In January 2020, there was an announcement that China’s State Council had given the green light for long awaited cosmetics regulatory changes and stated that imported cosmetics should come in line with domestic cosmetic regulations.

However, the details of what this means exactly have not yet been released. We are hopeful that this means an end to animal testing for imported non -special use cosmetics. Our best guess is that Chinese authorities will share more information and specific details by the end of March 2020. 

It’s worth nothing that there will still be a period of implementation needed and probably a pilot project so it’s unlikely that we will start seeing the first non-animal tested products going through general trade until end 2020.

Post Market Animal Testing 

This is where a product is already on sale in physical retail outlets but authorities can pull it from the shelf to test it at will. 

The reality is that this has not been abolished in all provinces, so if a brand sells in physical retail stores the products are still technically at risk in certain provinces. However, experts say authorities have not used this method in years and are very unlikely to as there are other means and methods that would give a much quicker result as to toxicity levels etc. 

The Leaping Bunny Pilot

In November there was an announcement that some brands who have achieved the global Leaping Bunny certification (and label) were able to go through a special pilot project in China which enabled them to sell in physical stores.

This pilot is a collaboration between Leaping Bunny and Knudsen, a regulatory consultancy in China. Here’s how it works:

  • The brands manufacture in a specific district in China under the supervision of Leaping Bunny and Knudsen.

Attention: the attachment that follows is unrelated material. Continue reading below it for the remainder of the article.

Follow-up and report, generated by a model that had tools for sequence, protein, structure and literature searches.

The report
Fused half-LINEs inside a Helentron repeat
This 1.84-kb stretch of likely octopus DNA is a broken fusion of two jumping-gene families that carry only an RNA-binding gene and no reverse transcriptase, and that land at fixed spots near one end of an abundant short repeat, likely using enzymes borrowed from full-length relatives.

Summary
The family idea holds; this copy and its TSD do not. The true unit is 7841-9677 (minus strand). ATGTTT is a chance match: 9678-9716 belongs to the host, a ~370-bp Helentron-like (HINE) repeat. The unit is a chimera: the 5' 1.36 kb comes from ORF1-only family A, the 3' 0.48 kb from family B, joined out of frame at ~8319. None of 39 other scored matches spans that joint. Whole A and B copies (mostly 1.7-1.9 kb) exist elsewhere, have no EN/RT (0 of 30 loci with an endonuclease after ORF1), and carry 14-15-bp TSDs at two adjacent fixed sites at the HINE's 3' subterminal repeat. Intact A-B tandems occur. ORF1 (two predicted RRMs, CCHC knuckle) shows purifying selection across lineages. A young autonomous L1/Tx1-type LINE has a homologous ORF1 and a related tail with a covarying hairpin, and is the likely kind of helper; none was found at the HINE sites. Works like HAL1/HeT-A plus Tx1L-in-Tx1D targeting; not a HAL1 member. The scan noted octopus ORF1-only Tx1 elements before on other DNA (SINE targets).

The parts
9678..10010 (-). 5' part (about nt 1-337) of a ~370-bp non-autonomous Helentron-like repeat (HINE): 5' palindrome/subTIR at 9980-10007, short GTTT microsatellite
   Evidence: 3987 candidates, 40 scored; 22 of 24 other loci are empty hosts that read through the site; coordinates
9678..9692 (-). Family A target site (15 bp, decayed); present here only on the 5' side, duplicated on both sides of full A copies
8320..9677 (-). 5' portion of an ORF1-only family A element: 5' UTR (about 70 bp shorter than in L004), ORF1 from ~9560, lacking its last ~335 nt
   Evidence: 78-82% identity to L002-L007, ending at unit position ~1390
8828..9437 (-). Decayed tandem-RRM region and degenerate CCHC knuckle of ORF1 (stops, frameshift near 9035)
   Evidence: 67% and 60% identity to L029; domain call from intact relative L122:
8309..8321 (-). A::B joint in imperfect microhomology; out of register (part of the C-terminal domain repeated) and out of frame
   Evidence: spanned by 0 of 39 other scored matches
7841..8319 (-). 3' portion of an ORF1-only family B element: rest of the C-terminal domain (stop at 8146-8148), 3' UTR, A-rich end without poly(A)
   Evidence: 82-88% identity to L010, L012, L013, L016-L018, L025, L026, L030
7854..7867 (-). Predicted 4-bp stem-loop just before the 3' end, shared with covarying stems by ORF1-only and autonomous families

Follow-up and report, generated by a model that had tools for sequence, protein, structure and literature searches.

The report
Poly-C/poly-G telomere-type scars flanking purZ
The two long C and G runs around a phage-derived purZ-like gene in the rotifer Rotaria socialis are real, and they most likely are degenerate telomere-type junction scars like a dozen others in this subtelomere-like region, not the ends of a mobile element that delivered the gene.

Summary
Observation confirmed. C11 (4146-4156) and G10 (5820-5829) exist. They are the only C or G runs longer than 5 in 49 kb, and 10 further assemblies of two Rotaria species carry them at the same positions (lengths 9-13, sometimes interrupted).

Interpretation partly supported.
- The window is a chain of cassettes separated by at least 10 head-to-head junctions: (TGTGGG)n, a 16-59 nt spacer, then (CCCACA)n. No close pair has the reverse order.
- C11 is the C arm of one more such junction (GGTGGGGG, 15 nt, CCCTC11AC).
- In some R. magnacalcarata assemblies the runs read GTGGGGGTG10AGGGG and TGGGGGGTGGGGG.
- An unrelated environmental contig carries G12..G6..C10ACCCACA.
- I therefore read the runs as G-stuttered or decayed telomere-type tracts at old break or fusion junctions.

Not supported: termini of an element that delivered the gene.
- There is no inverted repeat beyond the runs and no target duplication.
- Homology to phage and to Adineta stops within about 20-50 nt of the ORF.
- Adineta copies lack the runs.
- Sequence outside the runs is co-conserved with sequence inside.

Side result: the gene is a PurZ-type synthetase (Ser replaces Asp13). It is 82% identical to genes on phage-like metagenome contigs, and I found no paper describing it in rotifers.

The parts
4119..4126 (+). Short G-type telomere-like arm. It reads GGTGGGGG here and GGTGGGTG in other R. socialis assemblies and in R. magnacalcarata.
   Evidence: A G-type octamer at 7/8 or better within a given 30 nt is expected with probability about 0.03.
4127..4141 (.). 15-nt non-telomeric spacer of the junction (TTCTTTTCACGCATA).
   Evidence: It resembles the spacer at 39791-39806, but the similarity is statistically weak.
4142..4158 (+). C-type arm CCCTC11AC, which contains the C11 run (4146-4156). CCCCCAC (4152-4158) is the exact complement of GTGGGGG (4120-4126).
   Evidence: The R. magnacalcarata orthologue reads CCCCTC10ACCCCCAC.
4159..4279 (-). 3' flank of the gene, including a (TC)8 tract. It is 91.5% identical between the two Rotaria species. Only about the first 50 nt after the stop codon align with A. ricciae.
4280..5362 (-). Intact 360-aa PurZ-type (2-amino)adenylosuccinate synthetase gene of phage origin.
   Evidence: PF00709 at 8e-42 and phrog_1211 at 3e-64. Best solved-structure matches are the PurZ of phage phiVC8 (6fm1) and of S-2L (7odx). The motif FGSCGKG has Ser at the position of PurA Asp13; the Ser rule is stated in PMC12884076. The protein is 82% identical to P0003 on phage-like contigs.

• Products are then sold within Shanghai and other key districts. If there is ever any product safety issue with these pilot brands, the brands have agreed to fully recall all products in the market to avoid any risk (however minimal) of post-market testing.
  • These products can also be sold directly to end consumer via online channels like Tmall and JD.

In Conclusion: It’s Time For Change

China remains of the few major markets in the world to require mandatory and regular animal testing on cosmetics. In reality there are still many markets who have not abolished animal testing – it is still legal in Australia for example, although not widely used. 

Let’s hope the world takes the European Union’s and more countries declare it illegal not only to test on animals, but also to sell products that have been tested. We have better methods to maintain public safety, so we regulatory standards ought to catch up!

If you are a beauty brand that is looking to enter China and you would like to learn more about the routes to market that don’t involve animal testing, check out my masterclass dedicated to cross border e-commerce. It’s the perfect place to start.


Lead image courtesy of Innisfree.


  • 46
  •  
  •  
  • 1
  •  
  •  
  •  
    47
    Shares
By signing up, you agree to receive emails from Green Queen Media.
You might also like